A coalition of consumer advocates, businesses and trade groups launched on Monday to oppose to Verizon Wireless’ proposed purchase of some $3.6 billion worth of spectrum licenses from a consortium of leading cable companies. The coalition, warning that the blockbuster deal would bring companies that currently compete with one another into collusion and make it all but impossible for smaller carriers to compete.
The Alliance for Broadband Competition counts rival carriers T-Mobile and Sprint as members, as well as the Rural Cellular Association, a trade group representing smaller regional and local providers, and public-interest groups such as Public Knowledge.
In a conference call with reporters announcing the launch of the new group, members of the alliance argued that Verizon — and AT&T through its own spectrum activities — have been solidifying a duopoly that would choke off other carriers’ efforts to build a robust 4G wireless network, either regionally or on a nationwide basis.
“Verizon would prevent competitive competitors from potentially obtaining the spectrum they need to meet consumer demand,” said Kathleen Ham, T-Mobile’s vice president of federal regulatory affairs. “As the industry’s moving toward LTE, it’s very important that there be spectrum available for everybody.”
Verizon’s deal with the cable companies, which have organized under the SpectrumCo entity, is currently under review at the Department of Justice and the Federal Communications Commission. The FCC recently extended the deadline for its review, which Verizon is now expecting to conclude mid-summer.
Verizon spokesman Paul Macchia declined to comment on the formation of the Alliance for Broadband Competition. “At this moment, this is something we will not be commenting on,” Macchia wrote in an email.
Spectrum Crunch or Verizon Crushing Little Guys?
Since announcing the deal, Verizon has positioned the transaction as an important step in addressing what it describes as a spectrum crunch that threatens the viability of robust mobile broadband service at a time when carriers’ networks have been strained by the proliferation of smartphones and tablets. More recently, the firm announced plans to sell off a portion of its 700 MHz spectrum licenses if it wins approval for the cable deal, through which it would obtain 122 licenses in the Advanced Wireless Services (AWS) band.
But that announcement drew sharp criticism from the groups opposing the cable deal that have accused Verizon of warehousing spectrum, a charge that Verizon has pointedly disputed.
The broader antitrust argument against the proposed agreement raises concerns both against the crowding out of smaller wireless players, as well as the elimination of competition between the converging wireless and cable sectors, where firms have been vying to attract customers to their voice, video and data services.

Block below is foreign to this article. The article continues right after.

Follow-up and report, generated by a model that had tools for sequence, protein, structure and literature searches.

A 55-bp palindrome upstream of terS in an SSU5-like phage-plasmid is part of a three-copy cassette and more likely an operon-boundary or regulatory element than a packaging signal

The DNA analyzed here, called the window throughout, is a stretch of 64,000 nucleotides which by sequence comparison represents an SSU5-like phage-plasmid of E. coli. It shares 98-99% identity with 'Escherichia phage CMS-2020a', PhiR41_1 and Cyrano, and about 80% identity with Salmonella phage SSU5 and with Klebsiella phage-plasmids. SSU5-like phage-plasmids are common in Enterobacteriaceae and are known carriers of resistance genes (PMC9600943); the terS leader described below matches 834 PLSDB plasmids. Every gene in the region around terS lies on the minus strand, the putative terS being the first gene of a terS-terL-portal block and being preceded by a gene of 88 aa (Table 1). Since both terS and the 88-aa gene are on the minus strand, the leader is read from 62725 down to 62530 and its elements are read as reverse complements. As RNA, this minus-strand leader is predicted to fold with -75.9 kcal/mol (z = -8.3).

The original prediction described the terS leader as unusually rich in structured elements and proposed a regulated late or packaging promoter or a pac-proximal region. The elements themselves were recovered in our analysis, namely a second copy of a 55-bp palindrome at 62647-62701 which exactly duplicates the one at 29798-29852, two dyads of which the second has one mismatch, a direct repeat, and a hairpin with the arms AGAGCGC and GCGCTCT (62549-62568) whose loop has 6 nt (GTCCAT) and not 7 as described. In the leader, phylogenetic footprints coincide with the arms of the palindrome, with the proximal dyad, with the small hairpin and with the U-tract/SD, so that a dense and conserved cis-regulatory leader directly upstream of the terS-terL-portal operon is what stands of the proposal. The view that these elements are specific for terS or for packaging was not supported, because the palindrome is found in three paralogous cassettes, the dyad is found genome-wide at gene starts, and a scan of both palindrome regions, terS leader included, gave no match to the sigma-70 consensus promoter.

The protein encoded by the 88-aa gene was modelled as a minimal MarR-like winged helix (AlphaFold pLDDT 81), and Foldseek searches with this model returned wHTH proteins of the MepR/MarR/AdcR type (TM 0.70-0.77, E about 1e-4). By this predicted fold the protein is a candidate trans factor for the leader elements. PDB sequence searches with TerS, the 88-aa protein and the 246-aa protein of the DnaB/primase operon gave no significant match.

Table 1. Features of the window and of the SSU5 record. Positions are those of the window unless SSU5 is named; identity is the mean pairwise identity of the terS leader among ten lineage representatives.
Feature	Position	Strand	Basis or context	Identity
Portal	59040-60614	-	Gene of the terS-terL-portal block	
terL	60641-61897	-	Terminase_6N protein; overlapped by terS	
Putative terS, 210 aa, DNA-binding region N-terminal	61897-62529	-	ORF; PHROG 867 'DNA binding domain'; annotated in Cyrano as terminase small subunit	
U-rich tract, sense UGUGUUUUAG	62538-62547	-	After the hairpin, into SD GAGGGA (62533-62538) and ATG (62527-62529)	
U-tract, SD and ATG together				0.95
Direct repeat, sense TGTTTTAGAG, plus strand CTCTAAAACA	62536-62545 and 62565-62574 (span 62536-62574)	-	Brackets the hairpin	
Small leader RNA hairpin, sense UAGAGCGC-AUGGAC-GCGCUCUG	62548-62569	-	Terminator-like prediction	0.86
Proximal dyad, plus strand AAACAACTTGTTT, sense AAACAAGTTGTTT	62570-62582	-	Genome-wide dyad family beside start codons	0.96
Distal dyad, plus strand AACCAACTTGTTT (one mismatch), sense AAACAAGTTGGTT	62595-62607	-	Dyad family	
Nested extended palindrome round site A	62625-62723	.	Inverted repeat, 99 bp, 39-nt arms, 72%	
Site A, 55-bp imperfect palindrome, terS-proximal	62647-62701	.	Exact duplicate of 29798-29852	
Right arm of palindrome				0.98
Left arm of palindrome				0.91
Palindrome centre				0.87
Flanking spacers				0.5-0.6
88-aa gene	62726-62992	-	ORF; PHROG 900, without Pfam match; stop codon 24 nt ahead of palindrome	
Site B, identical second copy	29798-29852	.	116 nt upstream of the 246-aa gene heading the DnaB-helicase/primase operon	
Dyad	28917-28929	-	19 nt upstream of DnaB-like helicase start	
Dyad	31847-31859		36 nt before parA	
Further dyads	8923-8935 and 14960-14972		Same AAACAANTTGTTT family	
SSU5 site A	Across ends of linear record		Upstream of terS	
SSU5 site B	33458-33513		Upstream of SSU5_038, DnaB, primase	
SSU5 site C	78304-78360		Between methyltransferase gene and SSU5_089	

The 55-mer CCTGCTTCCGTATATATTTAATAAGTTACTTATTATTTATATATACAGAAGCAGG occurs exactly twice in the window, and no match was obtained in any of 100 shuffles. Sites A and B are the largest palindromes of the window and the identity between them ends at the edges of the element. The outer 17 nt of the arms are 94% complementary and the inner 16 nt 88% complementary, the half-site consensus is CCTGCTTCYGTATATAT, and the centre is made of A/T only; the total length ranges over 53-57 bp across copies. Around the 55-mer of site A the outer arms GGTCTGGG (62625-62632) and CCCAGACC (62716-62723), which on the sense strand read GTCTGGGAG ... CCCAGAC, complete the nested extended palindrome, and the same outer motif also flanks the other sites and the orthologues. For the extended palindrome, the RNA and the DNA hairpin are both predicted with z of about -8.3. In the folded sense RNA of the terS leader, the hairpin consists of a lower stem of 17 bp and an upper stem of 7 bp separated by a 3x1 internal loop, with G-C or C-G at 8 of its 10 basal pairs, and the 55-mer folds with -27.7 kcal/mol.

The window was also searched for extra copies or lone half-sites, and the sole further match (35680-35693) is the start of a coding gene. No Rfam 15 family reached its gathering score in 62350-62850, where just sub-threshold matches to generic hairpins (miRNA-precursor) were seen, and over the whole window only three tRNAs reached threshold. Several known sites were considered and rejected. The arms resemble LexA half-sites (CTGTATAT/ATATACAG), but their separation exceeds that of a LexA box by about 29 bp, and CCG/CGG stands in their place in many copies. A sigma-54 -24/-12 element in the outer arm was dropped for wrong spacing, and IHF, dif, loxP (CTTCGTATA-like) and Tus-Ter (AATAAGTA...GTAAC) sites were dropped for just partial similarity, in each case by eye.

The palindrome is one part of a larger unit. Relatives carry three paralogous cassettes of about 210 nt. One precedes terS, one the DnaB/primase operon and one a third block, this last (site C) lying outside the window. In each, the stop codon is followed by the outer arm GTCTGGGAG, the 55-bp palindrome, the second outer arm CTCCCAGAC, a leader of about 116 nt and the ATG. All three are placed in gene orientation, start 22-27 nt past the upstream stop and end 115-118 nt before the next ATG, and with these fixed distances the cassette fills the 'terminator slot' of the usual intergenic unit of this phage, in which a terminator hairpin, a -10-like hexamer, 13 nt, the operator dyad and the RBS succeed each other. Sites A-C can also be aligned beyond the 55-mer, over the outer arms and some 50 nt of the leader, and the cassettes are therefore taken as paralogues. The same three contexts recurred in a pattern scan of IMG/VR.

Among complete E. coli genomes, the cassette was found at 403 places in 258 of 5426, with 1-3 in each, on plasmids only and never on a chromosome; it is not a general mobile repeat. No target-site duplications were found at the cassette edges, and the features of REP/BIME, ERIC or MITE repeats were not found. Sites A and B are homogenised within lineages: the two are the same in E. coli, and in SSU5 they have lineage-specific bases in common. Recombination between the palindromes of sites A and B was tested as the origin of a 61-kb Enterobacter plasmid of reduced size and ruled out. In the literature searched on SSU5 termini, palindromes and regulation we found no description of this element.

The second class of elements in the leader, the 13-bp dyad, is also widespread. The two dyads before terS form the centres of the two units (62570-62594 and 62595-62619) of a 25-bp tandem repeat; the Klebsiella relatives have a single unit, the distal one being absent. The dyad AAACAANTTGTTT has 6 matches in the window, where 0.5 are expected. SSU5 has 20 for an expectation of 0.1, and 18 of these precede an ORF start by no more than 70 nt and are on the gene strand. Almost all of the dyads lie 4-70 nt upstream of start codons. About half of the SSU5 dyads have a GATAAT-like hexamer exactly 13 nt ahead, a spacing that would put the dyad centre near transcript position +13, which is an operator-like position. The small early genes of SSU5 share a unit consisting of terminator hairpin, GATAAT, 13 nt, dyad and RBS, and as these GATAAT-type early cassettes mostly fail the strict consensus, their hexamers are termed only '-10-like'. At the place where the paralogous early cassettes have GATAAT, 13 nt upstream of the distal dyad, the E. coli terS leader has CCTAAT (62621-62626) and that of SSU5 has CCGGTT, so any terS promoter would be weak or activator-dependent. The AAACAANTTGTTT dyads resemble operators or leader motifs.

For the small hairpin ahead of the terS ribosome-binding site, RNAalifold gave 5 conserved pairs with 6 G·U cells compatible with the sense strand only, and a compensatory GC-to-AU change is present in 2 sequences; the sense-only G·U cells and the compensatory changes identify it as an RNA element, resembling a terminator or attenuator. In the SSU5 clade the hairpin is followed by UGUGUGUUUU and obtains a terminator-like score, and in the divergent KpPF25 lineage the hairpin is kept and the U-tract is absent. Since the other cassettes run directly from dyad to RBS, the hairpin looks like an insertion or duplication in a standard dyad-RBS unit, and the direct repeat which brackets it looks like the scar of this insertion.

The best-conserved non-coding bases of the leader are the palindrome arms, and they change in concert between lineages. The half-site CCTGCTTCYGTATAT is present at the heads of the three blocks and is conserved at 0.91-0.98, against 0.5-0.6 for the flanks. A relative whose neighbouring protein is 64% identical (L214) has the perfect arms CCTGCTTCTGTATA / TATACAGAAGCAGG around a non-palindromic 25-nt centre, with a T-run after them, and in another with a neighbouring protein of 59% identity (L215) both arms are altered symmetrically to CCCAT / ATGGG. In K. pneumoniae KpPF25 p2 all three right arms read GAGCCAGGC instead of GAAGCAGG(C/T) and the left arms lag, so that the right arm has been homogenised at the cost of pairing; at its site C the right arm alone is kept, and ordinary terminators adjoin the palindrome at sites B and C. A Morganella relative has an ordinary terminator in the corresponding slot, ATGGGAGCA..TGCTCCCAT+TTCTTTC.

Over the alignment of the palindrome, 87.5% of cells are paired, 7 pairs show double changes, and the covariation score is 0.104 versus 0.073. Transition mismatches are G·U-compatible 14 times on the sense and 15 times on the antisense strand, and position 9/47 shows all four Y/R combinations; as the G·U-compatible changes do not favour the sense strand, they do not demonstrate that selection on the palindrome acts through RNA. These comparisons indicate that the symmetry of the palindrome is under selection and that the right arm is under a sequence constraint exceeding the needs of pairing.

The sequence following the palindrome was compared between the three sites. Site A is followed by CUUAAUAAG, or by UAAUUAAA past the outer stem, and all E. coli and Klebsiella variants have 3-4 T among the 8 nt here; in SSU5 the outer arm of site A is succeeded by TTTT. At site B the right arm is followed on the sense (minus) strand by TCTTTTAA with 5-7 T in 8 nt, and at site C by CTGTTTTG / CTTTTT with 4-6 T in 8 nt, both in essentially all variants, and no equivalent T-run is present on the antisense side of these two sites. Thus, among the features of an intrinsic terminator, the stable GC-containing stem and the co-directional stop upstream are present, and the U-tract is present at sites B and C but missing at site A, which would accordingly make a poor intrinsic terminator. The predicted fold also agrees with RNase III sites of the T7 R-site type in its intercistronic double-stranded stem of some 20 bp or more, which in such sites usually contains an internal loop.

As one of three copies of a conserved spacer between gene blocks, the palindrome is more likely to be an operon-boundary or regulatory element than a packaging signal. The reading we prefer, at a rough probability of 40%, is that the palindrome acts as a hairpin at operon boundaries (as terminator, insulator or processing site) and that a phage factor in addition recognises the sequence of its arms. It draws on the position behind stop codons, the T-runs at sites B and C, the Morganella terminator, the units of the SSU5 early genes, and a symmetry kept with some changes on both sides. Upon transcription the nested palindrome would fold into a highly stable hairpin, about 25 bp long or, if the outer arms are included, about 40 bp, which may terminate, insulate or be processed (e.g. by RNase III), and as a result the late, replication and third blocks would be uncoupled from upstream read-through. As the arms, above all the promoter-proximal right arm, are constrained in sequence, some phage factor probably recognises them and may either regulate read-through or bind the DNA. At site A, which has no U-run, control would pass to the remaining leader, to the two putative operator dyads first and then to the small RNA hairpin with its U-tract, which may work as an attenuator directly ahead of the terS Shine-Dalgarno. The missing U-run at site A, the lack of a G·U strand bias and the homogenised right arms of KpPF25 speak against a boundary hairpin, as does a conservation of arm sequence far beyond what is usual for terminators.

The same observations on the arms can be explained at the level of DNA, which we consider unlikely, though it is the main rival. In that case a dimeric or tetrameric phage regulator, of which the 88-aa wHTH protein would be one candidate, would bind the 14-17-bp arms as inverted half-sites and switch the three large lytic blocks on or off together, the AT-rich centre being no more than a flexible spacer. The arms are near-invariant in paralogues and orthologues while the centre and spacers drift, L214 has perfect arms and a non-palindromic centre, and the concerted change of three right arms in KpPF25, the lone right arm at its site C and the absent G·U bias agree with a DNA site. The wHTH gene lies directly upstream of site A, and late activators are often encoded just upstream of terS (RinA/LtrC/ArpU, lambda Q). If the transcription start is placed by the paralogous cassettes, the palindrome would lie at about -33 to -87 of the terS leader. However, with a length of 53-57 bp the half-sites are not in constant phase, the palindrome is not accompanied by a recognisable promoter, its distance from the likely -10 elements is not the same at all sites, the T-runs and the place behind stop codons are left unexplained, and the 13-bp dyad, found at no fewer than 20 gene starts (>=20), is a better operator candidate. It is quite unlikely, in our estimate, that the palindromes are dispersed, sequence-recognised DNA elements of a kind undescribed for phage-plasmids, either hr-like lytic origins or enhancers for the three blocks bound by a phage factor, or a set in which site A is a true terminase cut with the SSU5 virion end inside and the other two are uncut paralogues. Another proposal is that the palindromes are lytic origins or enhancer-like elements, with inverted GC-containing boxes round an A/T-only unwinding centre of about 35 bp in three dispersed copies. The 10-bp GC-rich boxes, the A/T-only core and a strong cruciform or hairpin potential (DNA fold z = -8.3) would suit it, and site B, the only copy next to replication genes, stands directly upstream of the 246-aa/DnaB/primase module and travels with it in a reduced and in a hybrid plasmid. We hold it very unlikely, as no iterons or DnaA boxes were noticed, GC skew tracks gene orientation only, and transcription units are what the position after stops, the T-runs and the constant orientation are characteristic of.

“One of the principal concerns of antitrust is that competitors will cease competing with each other by dividing up their markets,” said Bert Foer, president of the American Antitrust Institute, which is not a formal member of the new alliance but has been raising its own concerns about the antitrust implications of the deal.
Foer pointed to the proposed marketing agreement between Verizon and the cable companies, which would establish the respective players as agents to sell the others’ services, and could eventually lead to cable firms selling Verizon service on a wholesale basis. While he acknowledged that the details of the regulatory review and the potential implementation of such an agreement remain unknown, Foer said that the division of markets between competitors “resembles” a condition that could be in conflict with antitrust law.
“There is an odor here that suggests Verizon will cease to challenge the cable market or at least its competitive zeal will be reduced,” he said.
While some members of the Alliance for Broadband Competition are urging regulators to reject the Verizon-SpectrumCo transaction outright, others have taken a more moderate position. The Rural Cellular Association, for instance, is advocating for strong conditions that would preserve a healthy measure of competition within the industry.
Steven Berry, president and CEO of the group, argued that the regulators reviewing the transaction must include in any conditional approval requirements for Verizon to provide competitors reasonable terms for roaming agreements and network backhaul, as well as mandates for divestitures of certain assets and interoperability obligations.
“If this transaction is approved [without conditions] they’ll own a significant amount of AWS,” Berry said of Verizon’s market power should the deal win unconditional approval. “They could almost create a walled-garden network.”
Kenneth Corbin is a Washington, D.C.-based writer who covers government and regulatory issues for CIO.com.
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